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SYSTEM DEVELOPMENT Security Issues for Military Systems

Separation Kernels Enable Rapid Development of Trustworthy Systems By using separation kernel technology and a security abstraction design approach, military system developers can use off-the-shelf components and tools to rapidly build and maintain high security systems. Will Keegan, Security Software Specialist, LynuxWorks


n the early days of high security defense computing systems, security vendors would build hardware and software from scratch, ensuring they had full knowledge of the platform’s design and a strong degree of confidence that their platforms were built without security flaws. These systems would then be evaluated by government agencies to validate that the system’s design and implementation have no security flaws and meet the security requirements of the target deployment environment. Today, this model faces significant challenges. Building systems from the ground up is very expensive and takes too much time to meet pressing schedules. Furthermore, modern computing platforms have gotten extremely complex to the point where it is close to impossible to fully evaluate a system. Security systems that used to go through detailed software analysis to prove the system is correctly designed and implemented are now evaluated at a shallower depth and tested against a generic set of security requirements.

Off-the-Shelf Approach

In response, security vendors are encouraged to integrate off-the-shelf hard26

COTS Journal | February 2014

ware and software to speed up production schedules and reduce product costs. But this is only a partial solution, creating a bigger challenge in security evaluations because systems are now being built with third-party components that have very little design documentation and were built for purposes that have little concern for security flaws. The use of separation kernel technology and a security abstraction design approach allows high security system developers to use off-the-shelf components and tools to rapidly build and maintain high security systems, while giving security evaluators a framework to cost-effectively evaluate systems and ultimately increase the level of confidence that a system is trustworthy to defend against nation state adversaries.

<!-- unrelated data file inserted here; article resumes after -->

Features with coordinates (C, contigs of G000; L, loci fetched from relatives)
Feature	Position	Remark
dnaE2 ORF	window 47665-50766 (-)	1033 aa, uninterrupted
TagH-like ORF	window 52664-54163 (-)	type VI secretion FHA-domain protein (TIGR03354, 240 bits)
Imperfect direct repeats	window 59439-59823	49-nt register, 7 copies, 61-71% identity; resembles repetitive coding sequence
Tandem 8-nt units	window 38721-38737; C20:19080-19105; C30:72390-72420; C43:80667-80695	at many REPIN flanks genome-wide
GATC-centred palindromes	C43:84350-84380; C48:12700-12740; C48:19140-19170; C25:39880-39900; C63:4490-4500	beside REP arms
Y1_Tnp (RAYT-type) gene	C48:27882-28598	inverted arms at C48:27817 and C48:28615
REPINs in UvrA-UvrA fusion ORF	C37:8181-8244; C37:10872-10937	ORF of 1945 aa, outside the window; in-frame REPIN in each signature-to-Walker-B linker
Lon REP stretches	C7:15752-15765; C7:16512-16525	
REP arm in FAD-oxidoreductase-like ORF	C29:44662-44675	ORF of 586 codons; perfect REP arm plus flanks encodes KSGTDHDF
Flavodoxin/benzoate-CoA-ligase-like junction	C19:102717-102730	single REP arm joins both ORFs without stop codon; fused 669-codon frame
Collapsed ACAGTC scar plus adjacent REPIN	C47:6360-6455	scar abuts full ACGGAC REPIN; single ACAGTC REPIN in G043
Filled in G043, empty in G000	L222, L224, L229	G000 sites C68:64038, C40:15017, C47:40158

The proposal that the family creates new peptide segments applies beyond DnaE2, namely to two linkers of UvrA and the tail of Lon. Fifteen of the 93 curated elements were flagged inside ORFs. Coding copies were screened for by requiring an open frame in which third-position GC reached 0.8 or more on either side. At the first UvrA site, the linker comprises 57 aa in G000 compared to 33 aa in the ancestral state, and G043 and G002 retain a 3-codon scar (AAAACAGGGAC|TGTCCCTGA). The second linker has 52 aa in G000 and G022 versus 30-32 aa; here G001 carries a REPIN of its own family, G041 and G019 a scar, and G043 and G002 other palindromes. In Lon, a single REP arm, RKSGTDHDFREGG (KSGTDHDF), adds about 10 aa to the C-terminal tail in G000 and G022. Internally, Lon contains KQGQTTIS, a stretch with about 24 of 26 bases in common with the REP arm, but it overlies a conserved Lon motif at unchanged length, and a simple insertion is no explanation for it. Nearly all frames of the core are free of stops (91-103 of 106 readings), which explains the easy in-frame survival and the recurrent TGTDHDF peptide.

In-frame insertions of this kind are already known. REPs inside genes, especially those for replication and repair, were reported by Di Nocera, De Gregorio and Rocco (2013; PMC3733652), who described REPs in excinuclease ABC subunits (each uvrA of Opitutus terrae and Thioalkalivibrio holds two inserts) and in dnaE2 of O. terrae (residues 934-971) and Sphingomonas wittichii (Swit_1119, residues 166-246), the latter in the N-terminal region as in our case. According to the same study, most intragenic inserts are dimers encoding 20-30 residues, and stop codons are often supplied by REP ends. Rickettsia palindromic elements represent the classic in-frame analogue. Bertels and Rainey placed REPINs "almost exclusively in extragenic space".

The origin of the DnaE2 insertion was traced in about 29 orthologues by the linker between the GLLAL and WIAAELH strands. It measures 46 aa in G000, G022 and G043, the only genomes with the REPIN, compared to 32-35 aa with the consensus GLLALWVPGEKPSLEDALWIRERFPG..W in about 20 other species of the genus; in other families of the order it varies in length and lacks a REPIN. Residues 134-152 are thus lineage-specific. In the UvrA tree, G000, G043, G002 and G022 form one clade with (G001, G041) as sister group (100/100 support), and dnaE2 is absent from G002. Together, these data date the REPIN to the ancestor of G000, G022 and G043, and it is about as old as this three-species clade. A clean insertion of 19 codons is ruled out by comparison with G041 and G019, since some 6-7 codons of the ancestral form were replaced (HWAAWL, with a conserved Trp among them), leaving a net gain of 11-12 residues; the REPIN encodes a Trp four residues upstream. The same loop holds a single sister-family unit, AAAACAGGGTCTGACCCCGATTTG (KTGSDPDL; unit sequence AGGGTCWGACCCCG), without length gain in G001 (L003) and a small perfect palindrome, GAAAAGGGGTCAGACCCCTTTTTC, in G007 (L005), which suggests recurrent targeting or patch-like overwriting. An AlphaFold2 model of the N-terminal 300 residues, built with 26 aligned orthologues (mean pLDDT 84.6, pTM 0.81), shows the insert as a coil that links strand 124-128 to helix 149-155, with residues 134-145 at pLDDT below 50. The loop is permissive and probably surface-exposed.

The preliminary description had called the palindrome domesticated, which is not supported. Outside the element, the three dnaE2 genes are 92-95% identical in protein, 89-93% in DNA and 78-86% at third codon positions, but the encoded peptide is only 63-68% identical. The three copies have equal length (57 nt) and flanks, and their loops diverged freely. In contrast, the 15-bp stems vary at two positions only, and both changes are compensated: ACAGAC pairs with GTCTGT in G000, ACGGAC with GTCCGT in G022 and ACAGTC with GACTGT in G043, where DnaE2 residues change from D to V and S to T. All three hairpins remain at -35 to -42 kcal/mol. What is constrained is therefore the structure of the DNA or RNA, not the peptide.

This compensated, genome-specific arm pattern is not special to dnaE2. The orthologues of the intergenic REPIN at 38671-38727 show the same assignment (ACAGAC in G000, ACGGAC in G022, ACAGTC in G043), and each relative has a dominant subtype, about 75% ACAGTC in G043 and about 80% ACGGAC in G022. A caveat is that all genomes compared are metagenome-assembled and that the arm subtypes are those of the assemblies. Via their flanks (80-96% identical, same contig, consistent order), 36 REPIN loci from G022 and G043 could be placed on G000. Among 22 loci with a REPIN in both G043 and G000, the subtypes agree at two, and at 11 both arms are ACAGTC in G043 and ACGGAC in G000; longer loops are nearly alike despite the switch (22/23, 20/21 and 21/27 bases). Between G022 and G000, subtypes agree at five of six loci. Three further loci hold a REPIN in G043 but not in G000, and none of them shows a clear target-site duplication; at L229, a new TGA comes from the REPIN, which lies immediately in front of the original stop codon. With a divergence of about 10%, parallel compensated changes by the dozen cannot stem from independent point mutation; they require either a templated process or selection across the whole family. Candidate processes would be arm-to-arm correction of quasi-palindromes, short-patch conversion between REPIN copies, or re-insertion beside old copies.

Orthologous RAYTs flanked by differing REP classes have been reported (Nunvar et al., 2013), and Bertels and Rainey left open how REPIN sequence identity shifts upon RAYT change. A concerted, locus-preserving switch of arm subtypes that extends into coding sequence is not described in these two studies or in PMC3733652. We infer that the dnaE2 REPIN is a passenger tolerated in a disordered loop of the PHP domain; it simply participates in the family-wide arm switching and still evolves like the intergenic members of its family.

Supporting Security Abstraction

Integrating off-the-shelf hardware and software components to build high security systems can certainly reduce manufacturing costs and time-to-market. Using general purpose CPUs, operating systems and development tools allow vendors to focus on end-user solutions instead of reinventing the wheel. But security vendors must be very careful

when integrating off-the-shelf components. In security systems, it is important to understand whether an off-the-shelf component has a vulnerability that can compromise the security of the overall system. This can be very difficult when off-the-shelf parts are typically black box components that come with limited documentation or any form of assurance evidence. This is particularly true with general purpose hardware components, and even when source and design doc is available for software, the complexity of the software makes it impractical to understand. A good way to cope with using low assurance off-the-shelf parts on high security systems is to create system architectures that limit the amount of trust in off-the-shelf components. For instance, if a secure system requires confidential transportation network packets, an architect can use software encryption to encrypt all the packets before network cards, and network infrastructure to ensure network devices cannot leak cleartext packets. Taking the example further, an architect can also separate the software encryption from other software that could potentially corrupt or subvert the software encryption.

COTS Journal  

February 2014

COTS Journal  

February 2014